Speaking of believers, Paul says that sexual immorality, impurity and greed are improper for us. Again, Paul includes greed in a list of sexual sins.
Colossians 3:5 Put to death, therefore, whatever belongs to your earthly nature: sexual immorality, impurity, lust, evil desires and greed, which is idolatry.
This time Paul uses four terms for sexual sin and then adds greed to the list. Paul includes greed in a list of sexual sins. And notice the last phrase: greed is idolatry. Hold that thought. Finally, Peter writes:
2 Peter 2:14 With eyes full of adultery, they never stop sinning; they seduce the unstable; they are experts in greed—an accursed brood!
Peter too includes greed in a list of sexual sins.
We think of greed primarily in relation to money or things, but most sexual sin is motivated by greed: a selfish and excessive desire for more. More than is God’s plan for us. If you are involved in sexual sin—whether it’s having sex outside of marriage, or cheating on your spouse, or using porn—you’re being overwhelmed by greed. If you want to overcome your sexual sin or addiction, you have to address the greed behind it. It’s time to repent, and let God overwhelm you with His generosity.
Jesus had some powerful things to say about greed in Luke 12:13-21 (p. 894).
13 Someone in the crowd said to him, “Teacher, tell my brother to divide the inheritance with me.”
14 Jesus replied, “Man, who appointed me a judge or an arbiter between you?” 15 Then he said to them, “Watch out! Be on your guard against all kinds of greed; life does not consist in an abundance of possessions.”
16 And he told them this parable: “The ground of a certain rich man yielded an abundant harvest. 17 He thought to himself, ‘What shall I do? I have no place to store my crops.’
18 “Then he said, ‘This is what I’ll do. I will tear down my barns and build bigger ones, and there I will store my surplus grain. 19 And I’ll say to myself, “You have plenty of grain laid up for many years. Take life easy; eat, drink and be merry.” ’
20 “But God said to him, ‘You fool! This very night your life will be demanded from you. Then who will get what you have prepared for yourself?’
21 “This is how it will be with whoever stores up things for themselves but is not rich toward God.”
Here’s a common scenario: relatives fighting over an inheritance—like Frank Sinatra’s family. I’ve seen families torn apart by this. And Jesus puts his finger on the problem: greed. He warns us: “Be on your guard against all kinds of greed.” All kinds of greed—excessive and selfish desire for more of anything. In this case, it was money and things. So Jesus says, “Life does not consist in an abundance of possessions.” The life your looking for isn’t found in more stuff.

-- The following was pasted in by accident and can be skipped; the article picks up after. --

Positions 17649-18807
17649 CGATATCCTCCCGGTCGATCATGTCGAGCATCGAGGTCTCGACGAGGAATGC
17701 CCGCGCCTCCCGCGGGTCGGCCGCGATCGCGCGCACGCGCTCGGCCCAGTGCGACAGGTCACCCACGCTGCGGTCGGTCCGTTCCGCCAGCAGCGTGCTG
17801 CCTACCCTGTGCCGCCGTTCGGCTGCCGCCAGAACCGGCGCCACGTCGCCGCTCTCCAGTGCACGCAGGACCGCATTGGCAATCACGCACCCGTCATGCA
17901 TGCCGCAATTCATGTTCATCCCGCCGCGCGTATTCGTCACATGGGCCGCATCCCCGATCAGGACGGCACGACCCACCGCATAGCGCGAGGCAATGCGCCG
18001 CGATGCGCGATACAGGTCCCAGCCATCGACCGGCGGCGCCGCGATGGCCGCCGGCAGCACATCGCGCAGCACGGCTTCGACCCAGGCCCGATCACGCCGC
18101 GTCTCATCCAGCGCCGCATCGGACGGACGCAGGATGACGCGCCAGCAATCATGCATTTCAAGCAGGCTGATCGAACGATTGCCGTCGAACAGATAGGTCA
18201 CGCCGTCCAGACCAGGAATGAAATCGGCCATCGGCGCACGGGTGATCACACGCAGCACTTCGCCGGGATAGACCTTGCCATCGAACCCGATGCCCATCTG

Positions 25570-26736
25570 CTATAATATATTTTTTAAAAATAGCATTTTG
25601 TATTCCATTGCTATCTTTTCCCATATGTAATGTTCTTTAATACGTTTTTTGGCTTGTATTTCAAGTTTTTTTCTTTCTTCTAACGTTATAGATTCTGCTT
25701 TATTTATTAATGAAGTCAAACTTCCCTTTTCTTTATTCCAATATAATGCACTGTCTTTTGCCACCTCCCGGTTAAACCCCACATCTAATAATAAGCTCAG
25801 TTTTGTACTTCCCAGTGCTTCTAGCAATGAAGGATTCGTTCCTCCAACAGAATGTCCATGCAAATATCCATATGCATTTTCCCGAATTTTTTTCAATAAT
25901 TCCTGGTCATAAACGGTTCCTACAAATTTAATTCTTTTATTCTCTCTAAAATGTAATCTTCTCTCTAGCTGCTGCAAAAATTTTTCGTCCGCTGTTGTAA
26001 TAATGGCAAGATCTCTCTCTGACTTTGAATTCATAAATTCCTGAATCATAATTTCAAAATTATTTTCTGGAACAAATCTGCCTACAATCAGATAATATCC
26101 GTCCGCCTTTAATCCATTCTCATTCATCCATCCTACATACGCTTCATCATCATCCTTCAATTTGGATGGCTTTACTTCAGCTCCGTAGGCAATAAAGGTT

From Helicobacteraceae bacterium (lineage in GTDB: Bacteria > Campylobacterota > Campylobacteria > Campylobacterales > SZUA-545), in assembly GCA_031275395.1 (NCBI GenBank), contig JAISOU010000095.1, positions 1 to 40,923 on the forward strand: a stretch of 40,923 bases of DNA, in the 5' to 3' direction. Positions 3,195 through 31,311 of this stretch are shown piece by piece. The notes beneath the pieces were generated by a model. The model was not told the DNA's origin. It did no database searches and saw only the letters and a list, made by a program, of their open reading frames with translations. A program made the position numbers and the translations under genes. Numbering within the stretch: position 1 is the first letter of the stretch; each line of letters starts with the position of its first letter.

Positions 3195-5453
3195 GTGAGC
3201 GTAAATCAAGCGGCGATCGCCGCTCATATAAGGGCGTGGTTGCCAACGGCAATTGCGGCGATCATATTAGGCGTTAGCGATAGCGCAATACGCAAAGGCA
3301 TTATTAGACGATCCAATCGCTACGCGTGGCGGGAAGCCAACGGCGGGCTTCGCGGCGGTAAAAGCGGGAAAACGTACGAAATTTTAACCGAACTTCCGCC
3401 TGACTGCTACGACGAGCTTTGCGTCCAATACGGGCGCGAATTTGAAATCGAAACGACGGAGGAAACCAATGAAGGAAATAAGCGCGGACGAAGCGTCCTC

That thing you must have to be happy—what is it? What have you been dreaming about? Hoping for? Scheming for? It may make you happy for awhile, but only a short while. Soon it will be at the dump. Or a second-hand store. Or an estate sale. In fact, if you want a sobering exercise, go to those three places: the dump, a second-hand store and an estate sale. You’ll see people’s treasures there—things that people had to have, the things of their dreams—being incinerated or sold for pennies. I’ve got stuff that was a treasure to me that my kids don’t want—what’s wrong with them? Your life doesn’t consist in an abundance of possessions. More, more, more doesn’t satisfy.
In fact, you can own too much stuff. A man with one watch knows what time it is; a man with two watches is never sure. More stuff doesn’t mean more happiness, more contentment, more life.
Then Jesus told a story about a farmer who prospered, had bumper crops and built bigger barns. He was all set! He was living the American dream. He had it all: money, stuff, a big savings and retirement account; he was ready to kick back and take it easy. And then God called, and it turned out he wasn’t rich at all. He was poor in what mattered—he didn’t have a relationship with God. Jesus was telling us that the life we long for isn’t found in bigger barns, and more things; it’s only found in knowing and loving the God who loves us.
Remember that Paul said greed was idolatry. How so? Greed seeks to find satisfaction in more of something: more money, more power, more sex. But the satisfaction you long for is found in God alone. So greed is idolatry because it replaces God with other things. I’m looking to someone or something else to satisfy me.
So back to our first question: are you greedy? Most of us have to admit that sometimes we are. Sometimes we get fooled into thinking that someone or something else will satisfy us. Sometimes we get overwhelmed by the consumerism of our culture that screams, “More, more, more!” What’s the fix?
Instead of being overwhelmed by greed, let’s be overwhelmed by God’s generosity. When we know He is giving us the vase, we can let go of the penny.
2. Overwhelmed by God’s generosity.
How can we begin to describe God’s generosity? Everything we have comes from Him! The world and all that is in it is His creation. He has given us life, breath, food, water, the air we breathe, everything! It all comes from Him.